Wounded by all-pow’rful love, his anxious mind recalls his Captain’s courage,
and his noble Earthly face. Sick with desire, the Vulcan ponders ..."

Tea, vicar?

9 comments:

Manfred Allseasons said...

Uh-oh, there is a Silmarillion size epic backstory here, is there not??

I hope the tea tray wasnt overturned....

Excellent picture, by the way...William-Adolphe Bouguereau eh? Time to get googling!

Jennifer said...

Oh my, Virgil/Dante just became a lot less academic. ;D

Spock "wounded by all-pow'rful love" is a lovely image. I'm hoping to see more! *grins* There's something about seeing the "classics" of fandom tranformed into the classics of literature that delights me no end.

As a (long) side note, I went out to dinner tonight with various professors here--Japanese, Chinese, Vietnamese, and French-Canadian. The elction came up as a topic, and I cringed, knowing the French-Canadian professor to be openly contemptuous of America. He spoke of his experiences in America fifty years ago, how his Japanese companion was told she couldn't go on a beach because she wasn't white, how he intervened and they allowed it but the day was ruined, she sat on the beach and wept. And he said, "This election is proof that America can change, that it still can the great country we always want it to be." And all the other professors nodded and said how impressive it was, how moving, and I was torn between deep pride and shame, unsure how much we deserved that but so glad to see it. I'm always amazed and humbled by how much people want to believe that the American Dream isn't a flase one, even the most jaded and cynical (and it's hard to get more jaded and cynical than this guy).

"I cried," said Dan, and the Chinese professor said, "You cried?" "We all cried, all of us in Canada," said the man who blocked my tenure promotion in part because I was American, and it was a very complicated and yet hopeful moment.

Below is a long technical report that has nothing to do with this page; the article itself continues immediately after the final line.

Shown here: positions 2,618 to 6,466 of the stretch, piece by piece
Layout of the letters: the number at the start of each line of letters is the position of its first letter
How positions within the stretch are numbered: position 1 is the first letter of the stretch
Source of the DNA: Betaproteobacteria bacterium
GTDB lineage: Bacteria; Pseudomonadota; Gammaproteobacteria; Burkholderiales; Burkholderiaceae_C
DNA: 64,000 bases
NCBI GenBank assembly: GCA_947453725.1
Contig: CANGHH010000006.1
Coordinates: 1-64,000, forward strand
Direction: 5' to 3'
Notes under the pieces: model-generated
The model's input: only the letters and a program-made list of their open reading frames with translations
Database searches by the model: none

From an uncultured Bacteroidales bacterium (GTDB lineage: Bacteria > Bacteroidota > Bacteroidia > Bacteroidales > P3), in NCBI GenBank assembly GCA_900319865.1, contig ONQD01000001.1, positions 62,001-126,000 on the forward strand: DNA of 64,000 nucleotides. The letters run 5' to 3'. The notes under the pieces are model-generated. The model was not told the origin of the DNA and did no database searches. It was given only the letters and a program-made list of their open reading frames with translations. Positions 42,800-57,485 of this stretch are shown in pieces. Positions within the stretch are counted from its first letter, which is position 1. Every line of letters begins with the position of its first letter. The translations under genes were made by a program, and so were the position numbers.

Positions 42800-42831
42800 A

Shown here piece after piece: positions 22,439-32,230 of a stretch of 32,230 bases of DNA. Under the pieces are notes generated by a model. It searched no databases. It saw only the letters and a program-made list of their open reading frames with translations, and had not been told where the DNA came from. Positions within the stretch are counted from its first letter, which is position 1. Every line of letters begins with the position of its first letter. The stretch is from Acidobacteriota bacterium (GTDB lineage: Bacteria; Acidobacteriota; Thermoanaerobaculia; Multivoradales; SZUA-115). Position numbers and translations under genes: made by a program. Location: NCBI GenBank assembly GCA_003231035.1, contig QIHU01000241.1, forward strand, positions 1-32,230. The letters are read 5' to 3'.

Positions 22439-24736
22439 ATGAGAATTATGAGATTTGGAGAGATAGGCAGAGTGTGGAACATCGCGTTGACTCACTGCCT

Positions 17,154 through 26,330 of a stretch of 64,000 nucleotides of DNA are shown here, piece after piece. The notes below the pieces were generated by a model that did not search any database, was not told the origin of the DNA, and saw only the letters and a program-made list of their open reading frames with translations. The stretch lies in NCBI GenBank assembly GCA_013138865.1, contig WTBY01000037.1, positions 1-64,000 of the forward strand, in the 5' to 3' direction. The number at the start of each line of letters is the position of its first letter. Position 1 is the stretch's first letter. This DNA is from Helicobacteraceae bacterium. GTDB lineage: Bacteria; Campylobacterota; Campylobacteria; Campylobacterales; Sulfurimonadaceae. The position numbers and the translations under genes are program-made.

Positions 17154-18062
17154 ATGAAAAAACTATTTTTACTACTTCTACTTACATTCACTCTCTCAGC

Rudyinparis said...

Sorry about the unpleasantness... Scorpios... well, I try not to speak of them as I don't want to attract their notice.

Your slash is awe-inspiring! Let the Scorpios and Sags do their worst, if this is one end result!

momo said...

Wow, what an amazing image! I almost emailed you a mashup of K/S set to the Justin Timberlake song "Sexy Back" but I figured you must have already seen it. If not, it's an easy YouTube search away.

For my Comp Lit degree, I had to satsify a classics language reading requirement in either greek or latin. I chose latin and one of the courses I took was Virgil's Aeneid (because there was only one meter and I was afraid of Horace). I have very fond memories of translating line-by-line and then chatting with our professor over all the little details. If you asked him the right kind of question, he would launch into long, fascinating stories and we could kick back and not worry about being called on to provide our translations. Oh, we were bad. Of course I have forgotten most of my latin, but I still love to say "ablative absolute"!

Lady P said...